Moving to Mississippi

Nearly 3 million people live in Mississippi with the majority of the population residing outside city limits. While rural numbers in most states are around 28 percent, Mississippi's country dwellers account for a whopping 51% of the population.
Jackson is the Magnolia State's largest city and the only urban area to have more than 100,000 occupants. Gulfport is the second most populated town, but its numbers are less than half that of Jackson.
Surrounded by an abundance of rivers and lakes, Mississippi acquired its name from the Native American word Misi-ziibi. The term translates as "great river" or "father of waters".
In addition to its namesake waterway, other major rivers in Mississippi include the Pearl, Pascagoula, and Tombigbee. This vital river system is still used today to transport agricultural goods and products across the country.
Natchez, a historic city located in Adams County, is home to the famous Natchez Trace Parkway. In earlier times, the trail served as a trade route for Indians and early European settlers. Today, this scenic recreational trail winds for more than 400 miles from Natchez to Nashville, Tennessee.

Geography & Climate

Most Mississippi is included in the East Gulf Coastal Plain region. This accounts for the overwhelming amount of lowlands that cover the state. Woodall Mountain is the highest altitude point in Mississippi at a mere 807 feet above sea level. The state's average mean elevation is only 300 feet.
Although Mississippi ranks highly among the flattest states in the country, it contains a substantial amount of forest areas. Trees cover most of the state’s topography, with pine species being the most prevalent.
A humid subtropical climate delivers consistent temperatures throughout the state during summer months. Residents enjoy an extended summer season and winters that are relatively mild. Mississippi has high annual rainfall amounts with the southern regions receiving greater precipitation than the northern regions.
Mississippi's hurricane season begins in June and extends through late November.

Community & Lifestyle

Mississippi's Delta region is well known for its contributions to the blues music industry. The former Dockery Farms plantation once employed over 2,000 farmhands, including the famous blues musician Charley Patton.
At the state capital of Jackson, upcoming dancers from around the world gather every four years to attend the International Ballet Competition. Dancers have the opportunity to compete and study techniques with some of the world's most renowned instructors.
College life in Mississippi is very affordable for students. Mississippi State is recognized for its superb ranking among agricultural study programs. For those seeking a more intimate learning experience, Blue Mountain College is a private institution that has a low student-to-faculty ratio.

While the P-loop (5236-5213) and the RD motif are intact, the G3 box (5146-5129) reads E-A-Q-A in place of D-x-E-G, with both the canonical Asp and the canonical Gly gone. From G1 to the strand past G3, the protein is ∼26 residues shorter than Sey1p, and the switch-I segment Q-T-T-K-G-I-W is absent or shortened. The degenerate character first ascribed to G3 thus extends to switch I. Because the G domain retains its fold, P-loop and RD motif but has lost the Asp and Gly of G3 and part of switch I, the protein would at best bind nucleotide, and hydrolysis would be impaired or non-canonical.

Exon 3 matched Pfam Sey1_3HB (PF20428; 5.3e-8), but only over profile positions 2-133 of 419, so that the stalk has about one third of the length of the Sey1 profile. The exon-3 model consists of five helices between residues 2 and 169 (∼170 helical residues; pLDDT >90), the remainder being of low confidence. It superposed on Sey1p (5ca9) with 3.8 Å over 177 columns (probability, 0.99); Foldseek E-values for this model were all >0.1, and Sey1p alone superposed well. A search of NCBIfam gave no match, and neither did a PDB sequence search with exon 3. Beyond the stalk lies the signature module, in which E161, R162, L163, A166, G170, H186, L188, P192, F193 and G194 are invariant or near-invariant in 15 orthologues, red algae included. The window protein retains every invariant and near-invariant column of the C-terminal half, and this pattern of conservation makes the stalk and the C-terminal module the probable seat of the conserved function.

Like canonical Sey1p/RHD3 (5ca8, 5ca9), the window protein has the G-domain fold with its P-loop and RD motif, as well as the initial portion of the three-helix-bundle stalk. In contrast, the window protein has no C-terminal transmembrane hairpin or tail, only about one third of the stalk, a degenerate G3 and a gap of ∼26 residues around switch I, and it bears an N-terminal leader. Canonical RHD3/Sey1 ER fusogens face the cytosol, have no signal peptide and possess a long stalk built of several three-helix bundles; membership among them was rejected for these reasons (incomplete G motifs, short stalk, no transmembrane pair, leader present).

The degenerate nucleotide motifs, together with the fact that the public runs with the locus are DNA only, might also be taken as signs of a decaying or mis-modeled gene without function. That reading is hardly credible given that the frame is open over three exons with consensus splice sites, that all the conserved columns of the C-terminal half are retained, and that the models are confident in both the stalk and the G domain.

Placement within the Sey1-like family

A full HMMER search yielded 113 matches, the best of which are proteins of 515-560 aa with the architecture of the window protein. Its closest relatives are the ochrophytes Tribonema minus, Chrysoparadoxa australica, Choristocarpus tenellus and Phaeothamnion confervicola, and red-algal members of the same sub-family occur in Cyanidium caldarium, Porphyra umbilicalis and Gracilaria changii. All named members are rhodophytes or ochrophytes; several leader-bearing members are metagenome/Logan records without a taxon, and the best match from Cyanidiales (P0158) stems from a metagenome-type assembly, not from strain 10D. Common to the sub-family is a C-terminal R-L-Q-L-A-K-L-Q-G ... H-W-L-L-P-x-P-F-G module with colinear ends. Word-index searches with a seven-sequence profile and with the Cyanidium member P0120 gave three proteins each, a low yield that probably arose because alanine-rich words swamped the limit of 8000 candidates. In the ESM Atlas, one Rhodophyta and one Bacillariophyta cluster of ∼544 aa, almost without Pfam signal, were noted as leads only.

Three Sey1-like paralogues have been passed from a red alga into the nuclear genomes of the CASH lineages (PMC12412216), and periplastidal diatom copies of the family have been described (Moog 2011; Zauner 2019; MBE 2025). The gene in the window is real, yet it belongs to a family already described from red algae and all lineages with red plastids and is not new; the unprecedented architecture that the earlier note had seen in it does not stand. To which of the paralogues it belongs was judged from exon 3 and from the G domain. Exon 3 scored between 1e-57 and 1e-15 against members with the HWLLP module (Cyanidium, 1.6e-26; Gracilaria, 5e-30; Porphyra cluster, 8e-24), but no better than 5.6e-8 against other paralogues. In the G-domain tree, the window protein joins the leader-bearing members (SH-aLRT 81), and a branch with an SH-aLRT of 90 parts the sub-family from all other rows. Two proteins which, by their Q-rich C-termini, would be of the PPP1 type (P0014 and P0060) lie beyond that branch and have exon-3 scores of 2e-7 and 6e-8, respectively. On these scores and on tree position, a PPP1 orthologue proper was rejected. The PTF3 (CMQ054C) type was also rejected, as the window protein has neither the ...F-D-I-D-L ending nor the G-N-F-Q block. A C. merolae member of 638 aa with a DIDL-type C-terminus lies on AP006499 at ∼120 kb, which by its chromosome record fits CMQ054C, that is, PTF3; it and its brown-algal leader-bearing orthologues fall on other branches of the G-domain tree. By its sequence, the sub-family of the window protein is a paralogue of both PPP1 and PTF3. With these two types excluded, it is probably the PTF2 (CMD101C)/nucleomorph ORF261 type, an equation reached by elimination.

Since the 1990s, Mississippi has been a hotspot for those who like to gamble. Residents and tourists alike flock to the southern coastal towns to try their luck. In the central region of the state, Tunica Resorts offers 35,000 square feet of casino action.
Throughout the state, Mississippi provides a variety of outdoor recreational opportunities including camping, hiking, cycling, and canoeing. In the northwest portion of the state, travelers can enjoy several prestigious golf courses.
Are you planning on moving to Mississippi? If so, you may want to hire professional movers. Request free quotes from your local moving services. Make sure you research moving companies in your area and find one with outstanding customer service and great reviews. Collect your moving boxes early to ensure you have plenty of time to pack, and consider creating a moving checklist to help keep the details of your move organized.

Jobs & Local Economy

The unemployment rate is 5% which is above the national average of 4.4% (June 2017).
Agriculture and manufacturing are two of the state's top industries. Nearly 30% of jobs have some connection to farming. Cotton, rice, and soybeans are all popular crops.
The state's largest employer is the University of Mississippi Medical Center. With a staff of more than 6,000 workers, Nissan is number one in the private sector.
The overall cost of living in Mississippi is considerably lower than the national average.


Moving to Mississppi also means you get to enjoy these nearby attractions:

Noxubee National Wildlife Refuge

Encompassing three counties, Noxubee is a 48,000-acre wildlife refuge with an assortment of plant and animal life. Once used for farming, the area has been a haven for endangered species since its establishment in 1940. Several trails and observation decks provide nature lovers a firsthand glimpse of the amazing flora and fauna.

Deer Island

Located less than a mile from Biloxi, Deer Island has a surprisingly relaxing vibe. This often-overlooked gem is accessible by canoe, boat, or kayak. Visitors can stroll the beach, observe wildlife, or simply soak up some rays in a private setting.

Rock and Blues Heritage Museum

Step back in time at the Rock and Blues Heritage Museum. Situated in Clarksdale where the first rock tune was recorded, the museum features collections from the 1920s to the 1970s. From BB King to the Yardbirds, exhibits display the evolution of music through the years.

State stats & Taxes


Total Population


Average Household Income


Median Home Sales Price

Educational level

Bachelors Degree or higher

Some college or Associates Degree

High School or GED

Less than High School

No Schooling

Cities in Mississippi

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